The downtown mafia today rolled out its big plans for pushing the billionaire NFL team owners to select Indianapolis as the site of the 2018 Super Bowl, an event that could well cost Indianapolis taxpayers more than the $50 million hit they took from hosting the 2012 Super Bowl event. At the top of today's news is an announcement by these shameless self-dealers to drag Colts' owner Jimmy "The Pill Popper" Irsay out of his self-imposed exile to an out-of-state rehab clinic following his arrest in March for driving while intoxicated and felony drug charges for possessing controlled substances to aid them in their pitch to the owners.
If that isn't bad enough, they have plans for two new luxury hotels at the site of the former Pan Am Plaza owned by the politically-connected developer, Kite Realty, and another downtown property recently acquired by Ersal Ozdemir, the Turkish businessman who has been buying off all the local politicians in plain sight for years now with his generous campaign contributions to be built, of course, with tens of millions of dollars in public subsidies to further entice the NFL owners to choose Indianapolis. And this all comes at a time when Indianapolis city leaders are trying to ram a new $29 million a year income tax increase down your throats to pay for more police officers they say the City is too broke to hire. The IBJ shares a few of their plans to dazzle NFL team owners when the greedy bastards meet later this month:
In a 900-page bid for the 2018 Super Bowl, Indianapolis officials list the possibility of two new upscale hotels opening downtown by the time the game is played.
Indianapolis Super Bowl Bid Committee Chairwoman Allison Melangton said at a press conference Wednesday morning that a new hotel on the Pan Am Plaza site and another where the Illinois Building stands at Illinois and Market streets are both possible by February 2018.
The Pan Am site is owned by Indianapolis-based Kite Realty Group and the Illinois building is owned by a subsidiary of locally based Keystone Realty Group.
In addition Wednesday, Indianapolis Colts Chief Operations Officer Pete Ward announced that team owner Jim Irsay would attend the May 19-21 NFL owners meeting and would lobby for the city’s bid.
Irsay was arrested March 16 for allegedly driving under the influence and possession of a controlled substance. He was admitted into an out-of-state rehabilitation clinic in mid-March.
Ward said Irsay is doing “really well,” but declined further comment.
Since its inception, the local Super Bowl committee has burned through nearly $30 million from undisclosed corporate donors with a payroll that has reached as high as nearly $1.3 million as recently as 2011 and which paid its top person, Allison Melangton, a salary of more than $220,000 a year during a multi-year period. The nonprofit's chairman, Mark Miles, used his clout-heavy position to land a new job as Hulman & Company's top executive, whereupon he fast-talked state lawmakers last year into donating $100 million in state taxpayer dollars for improvements to the Indianapolis Motor Speedway owned by the Hulman-George family. By no coincidence, Tony George sits on the Super Bowl committee's board. Ironically, the nonprofit's largest contracts were virtually all paid out to out-of-state vendors, providing no benefit at all to the local community other than a few elitist members of its board of directors who were provided VIP entrée to Super Bowl-related events and all the free entertainment and accommodations their hearts desired.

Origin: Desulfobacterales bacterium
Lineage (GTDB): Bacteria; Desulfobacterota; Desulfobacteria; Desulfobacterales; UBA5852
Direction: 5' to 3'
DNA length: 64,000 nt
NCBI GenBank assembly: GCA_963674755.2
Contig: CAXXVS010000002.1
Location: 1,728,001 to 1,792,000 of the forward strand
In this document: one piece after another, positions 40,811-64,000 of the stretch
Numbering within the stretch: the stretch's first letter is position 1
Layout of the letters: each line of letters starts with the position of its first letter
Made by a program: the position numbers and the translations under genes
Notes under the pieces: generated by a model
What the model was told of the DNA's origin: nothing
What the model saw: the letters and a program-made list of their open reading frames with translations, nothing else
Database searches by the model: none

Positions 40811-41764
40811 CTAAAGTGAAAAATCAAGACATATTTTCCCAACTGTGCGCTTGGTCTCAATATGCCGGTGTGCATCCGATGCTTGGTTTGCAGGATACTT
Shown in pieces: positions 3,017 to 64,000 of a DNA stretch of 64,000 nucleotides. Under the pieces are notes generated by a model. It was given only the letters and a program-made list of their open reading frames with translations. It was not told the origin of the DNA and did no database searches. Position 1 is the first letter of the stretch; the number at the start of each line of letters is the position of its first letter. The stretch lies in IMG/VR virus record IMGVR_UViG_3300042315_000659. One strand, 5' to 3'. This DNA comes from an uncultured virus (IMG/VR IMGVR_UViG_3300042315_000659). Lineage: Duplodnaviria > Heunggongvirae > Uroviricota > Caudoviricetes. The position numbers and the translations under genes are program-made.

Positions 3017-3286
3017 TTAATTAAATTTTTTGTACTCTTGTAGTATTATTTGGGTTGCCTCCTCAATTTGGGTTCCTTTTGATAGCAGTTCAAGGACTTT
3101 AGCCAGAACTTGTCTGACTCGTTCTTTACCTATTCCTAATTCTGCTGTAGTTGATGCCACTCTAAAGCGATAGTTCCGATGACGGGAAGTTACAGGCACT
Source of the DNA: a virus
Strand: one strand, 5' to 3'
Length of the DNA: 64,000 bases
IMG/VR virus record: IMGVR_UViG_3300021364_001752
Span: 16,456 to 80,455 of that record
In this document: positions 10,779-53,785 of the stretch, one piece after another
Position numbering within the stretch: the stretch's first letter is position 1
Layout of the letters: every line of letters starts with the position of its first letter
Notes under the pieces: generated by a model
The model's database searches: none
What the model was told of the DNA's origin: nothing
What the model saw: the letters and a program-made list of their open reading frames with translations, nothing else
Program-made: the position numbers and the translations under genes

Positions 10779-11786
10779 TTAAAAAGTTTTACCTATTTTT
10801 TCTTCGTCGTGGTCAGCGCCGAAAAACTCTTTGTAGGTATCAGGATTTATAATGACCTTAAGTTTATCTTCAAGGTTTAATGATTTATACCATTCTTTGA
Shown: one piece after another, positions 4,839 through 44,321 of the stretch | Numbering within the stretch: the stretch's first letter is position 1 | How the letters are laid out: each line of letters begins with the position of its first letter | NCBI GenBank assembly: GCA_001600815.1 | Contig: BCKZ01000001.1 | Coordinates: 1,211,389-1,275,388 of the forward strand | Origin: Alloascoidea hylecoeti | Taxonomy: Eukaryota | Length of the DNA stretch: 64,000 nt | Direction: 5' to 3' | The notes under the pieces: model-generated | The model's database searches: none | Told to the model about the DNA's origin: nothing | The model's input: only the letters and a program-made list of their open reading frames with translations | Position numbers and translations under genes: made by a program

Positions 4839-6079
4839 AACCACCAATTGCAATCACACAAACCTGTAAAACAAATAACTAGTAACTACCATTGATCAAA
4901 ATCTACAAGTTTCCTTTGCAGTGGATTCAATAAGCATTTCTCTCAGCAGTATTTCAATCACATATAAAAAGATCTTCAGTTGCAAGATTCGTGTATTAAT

The local Super Bowl committee has so much money floating in and out of its bank accounts that it is impossible to detect potential fraudulent and illicit influence-peddling uses of the nonprofit's money, most of which comes from local publicly-traded corporations and public utilities whose rank-and-file shareholders and ratepayers would never approve of such wasteful expenditures. The public simply cannot compete against these corrupt interests when they can funnel such large sums of money cloaked in secrecy into so-called civic ventures where the money trail is next to impossible to trace. Don't expect anyone in the local news media to investigate how the local nonprofit spends its money. They all have a vested self-interest in seeing the Super Bowl return to Indianapolis year after year and endless spending on sporting-related and other efforts aimed at turning downtown Indianapolis into nothing more than a permanent, exclusive playground for the rich and well-connected.